CDMX: Three Homes

An architect, an artist, a revolutionary. 

Leon Trotsky. Born 1879. A staunch Marxist, he fought in the 1917 October Revolution in Russia and quickly rose to power in the Communist Party. After unsuccessfully opposing Stalin in the 1920s, he was rapidly demoted and ultimately dismissed from Stalin’s regime. By 1929, he and wife Natalia Sedova  were exiled from Russia, eventually landing in Mexico City in 1937 at the family house of friends and supporters, Diego Rivera and Frida Kahlo. An ideological row with Rivera led to Trotsky’s eviction. He and Sedova moved to a nearby house on Avenida Viena in April 1939. There, he survived an attack led by a Soviet assassin in 1940. Later that same year, Trotsky would be murdered with an ice pick by another Soviet operative. Trotsky’s house on Avenida Viena is now a house museum, preserved much as it was on the day of his death.

Frida Kahlo. Born 1907 in the family house at Londres 247 in the bohemian Colonia Del Carmen neighbourhood. Kahlo spent much of her early life in this house, first recuperating from polio and then a disabling bus accident, all the while painting her way out of misery. Meeting and marrying Diego Rivera in 1929 saw her leave the family home but serious illness drew her back to her family home, where where she died in 1954. In spite of Kahlo and Rivera’s tumultuous relationship, Rivera was very much a part of the life of the house, paying an outstanding mortgage, expanding it, securing it during Trotsky’s residency and donating it to Mexico, four years after Kahlo’s death. Now known as La Casa Azul, the house operates as a museum, looking much as it did in 1951.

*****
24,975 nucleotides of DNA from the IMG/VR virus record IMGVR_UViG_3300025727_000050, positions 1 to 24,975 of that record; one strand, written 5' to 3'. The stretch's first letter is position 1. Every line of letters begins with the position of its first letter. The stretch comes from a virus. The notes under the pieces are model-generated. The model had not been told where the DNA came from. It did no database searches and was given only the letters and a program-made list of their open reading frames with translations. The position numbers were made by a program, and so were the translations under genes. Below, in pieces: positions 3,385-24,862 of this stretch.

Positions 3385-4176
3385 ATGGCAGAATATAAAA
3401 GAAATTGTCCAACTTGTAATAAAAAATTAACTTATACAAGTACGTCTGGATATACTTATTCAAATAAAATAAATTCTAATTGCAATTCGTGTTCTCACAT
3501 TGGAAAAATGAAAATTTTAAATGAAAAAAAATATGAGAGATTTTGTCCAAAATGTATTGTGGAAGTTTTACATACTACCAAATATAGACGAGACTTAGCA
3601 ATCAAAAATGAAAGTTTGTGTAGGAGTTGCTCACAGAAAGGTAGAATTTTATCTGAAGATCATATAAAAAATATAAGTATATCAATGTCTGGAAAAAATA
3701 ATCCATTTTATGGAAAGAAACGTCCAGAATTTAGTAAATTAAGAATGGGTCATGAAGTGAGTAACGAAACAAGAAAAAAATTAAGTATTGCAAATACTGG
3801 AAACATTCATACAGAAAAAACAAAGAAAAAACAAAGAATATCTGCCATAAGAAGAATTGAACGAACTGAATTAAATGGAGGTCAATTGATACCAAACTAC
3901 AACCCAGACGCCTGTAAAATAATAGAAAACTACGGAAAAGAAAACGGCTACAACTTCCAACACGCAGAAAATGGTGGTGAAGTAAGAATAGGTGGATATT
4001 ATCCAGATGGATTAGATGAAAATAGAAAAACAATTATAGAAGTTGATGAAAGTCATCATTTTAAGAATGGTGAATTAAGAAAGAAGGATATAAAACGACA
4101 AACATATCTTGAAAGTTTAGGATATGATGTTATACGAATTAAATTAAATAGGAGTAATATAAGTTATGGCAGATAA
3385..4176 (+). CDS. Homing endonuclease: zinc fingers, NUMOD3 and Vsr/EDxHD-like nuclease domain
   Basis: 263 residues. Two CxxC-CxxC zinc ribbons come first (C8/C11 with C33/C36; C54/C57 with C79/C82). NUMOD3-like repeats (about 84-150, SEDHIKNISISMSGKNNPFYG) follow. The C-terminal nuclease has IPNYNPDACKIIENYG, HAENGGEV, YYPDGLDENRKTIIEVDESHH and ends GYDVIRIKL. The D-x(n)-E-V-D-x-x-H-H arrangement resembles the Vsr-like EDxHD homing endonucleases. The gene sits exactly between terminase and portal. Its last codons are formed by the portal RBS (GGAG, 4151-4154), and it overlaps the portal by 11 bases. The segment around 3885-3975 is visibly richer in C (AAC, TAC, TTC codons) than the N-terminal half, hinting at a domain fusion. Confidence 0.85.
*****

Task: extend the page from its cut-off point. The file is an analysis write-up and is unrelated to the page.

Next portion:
Luis Barragán. Born 1902 in Guadalajara, Mexico. It was here that he would graduate as an engineer and practice architecture before leaving for Mexico City in 1936. His early career consisted primarily of residential work, in downtown Guadalajara and the upscale Jardines del Pedregal residential development in Mexico City. In 1947, he began construction of his own house at General Francisco Ramírez, 12 and 14 in the working class Tacubaya neighbourhood. Barragán died in 1988 in his own house. It became a carefully curated museum in 1994. UNESCO declared it a World Heritage Site in 2004.

There we have it: three unique people born within 28 years of the other and who grew up—or ended up—in Mexico City. And three unique homes, each architecturally impressive in its own way and brought to life by its occupants with objects of personal meaning. I have grouped the photographs that follow, but not labelled which home is Barragán’s or Trotsky’s or Kahlo’s. It is obvious. Inside each collection of photos, inside the stone or brick or concrete walls of each home, on walls and floors and tables filled with artifacts and memorabilia, is a portrait of a passionate personality finding his or her own, unique path through life.

 

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